RCI Paper on „The Use of Food and Feed Crops for Bio-based Materials and the Related Effects on Food Security“ – Short Version (PDF)
Promoting Evidence-based Debates and Recognising Potential Benefits
This short version of the scientific paper highlights on two pages new insights into a hotly debated topic and urges for careful and evidence-based debates.
The paper aims to show that the well-known biomass debate is flawed, subjective and not fully based on evidence. What is detrimental to food security are, according to the World Food Programme in 2023, climate change, conflict, extreme inequalities in wealth distribution, heavy dependence on food imports from industrial countries, overconsumption of meat, losses along the value chain and the impact of the COVID pandemic. Competition between biomass uses is not mentioned among the relevant causes.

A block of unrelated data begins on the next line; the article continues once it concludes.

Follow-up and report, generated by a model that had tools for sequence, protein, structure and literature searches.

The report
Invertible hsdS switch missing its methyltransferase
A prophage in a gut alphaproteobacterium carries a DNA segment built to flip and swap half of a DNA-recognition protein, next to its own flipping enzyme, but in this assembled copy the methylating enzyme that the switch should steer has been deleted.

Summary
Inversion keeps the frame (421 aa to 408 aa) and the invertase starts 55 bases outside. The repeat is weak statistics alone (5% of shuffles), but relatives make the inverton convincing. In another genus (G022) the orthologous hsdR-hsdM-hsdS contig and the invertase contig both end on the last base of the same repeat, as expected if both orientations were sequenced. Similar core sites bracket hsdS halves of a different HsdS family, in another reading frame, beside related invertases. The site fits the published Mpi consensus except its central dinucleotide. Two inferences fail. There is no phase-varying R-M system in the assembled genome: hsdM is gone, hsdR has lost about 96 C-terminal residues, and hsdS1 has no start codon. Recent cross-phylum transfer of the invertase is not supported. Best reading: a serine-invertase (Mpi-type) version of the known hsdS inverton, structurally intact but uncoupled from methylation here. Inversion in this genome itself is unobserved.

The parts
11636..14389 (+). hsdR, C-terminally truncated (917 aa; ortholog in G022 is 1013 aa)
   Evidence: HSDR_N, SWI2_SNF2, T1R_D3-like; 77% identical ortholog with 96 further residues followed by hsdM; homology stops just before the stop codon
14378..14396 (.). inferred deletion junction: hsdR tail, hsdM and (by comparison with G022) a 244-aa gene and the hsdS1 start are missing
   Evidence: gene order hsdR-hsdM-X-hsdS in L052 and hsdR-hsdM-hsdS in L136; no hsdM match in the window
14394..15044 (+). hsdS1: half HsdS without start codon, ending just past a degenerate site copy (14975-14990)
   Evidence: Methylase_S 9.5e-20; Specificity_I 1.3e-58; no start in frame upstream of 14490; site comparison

The use of biomass for industrial applications, does have the potential to replace fossil feedstocks and thus contribute to the urgently needed reduction of fossil carbon emissions into our atmosphere to mitigate climate change.
While not denying the dire need to combat world hunger, the authors of the paper argue that using food and feed crops for chemicals and materials will not necessarily exacerbate food insecurity, and in fact has the potential to cause multiple benefits for local and global food security, climate mitigation and other factors:
- The climate wins – Bio-based materials are part of the solution to achieve climate change mitigation.
- Land productivity wins – The competition between applications is not for the type of crop grown, but for the land.
- The environment wins – due to increased resource efficiency and productivity of food and feed crops.
- Farmers win – because they have more options for selling stock to different markets.
- Market stability wins – due to increased global availability of food and feed crops.
- Feed security wins – due to the high value of the protein-rich co-products of food and feed crops.
- Food security wins – due to the increased overall availability of edible crops that can be stored and flexibly distributed.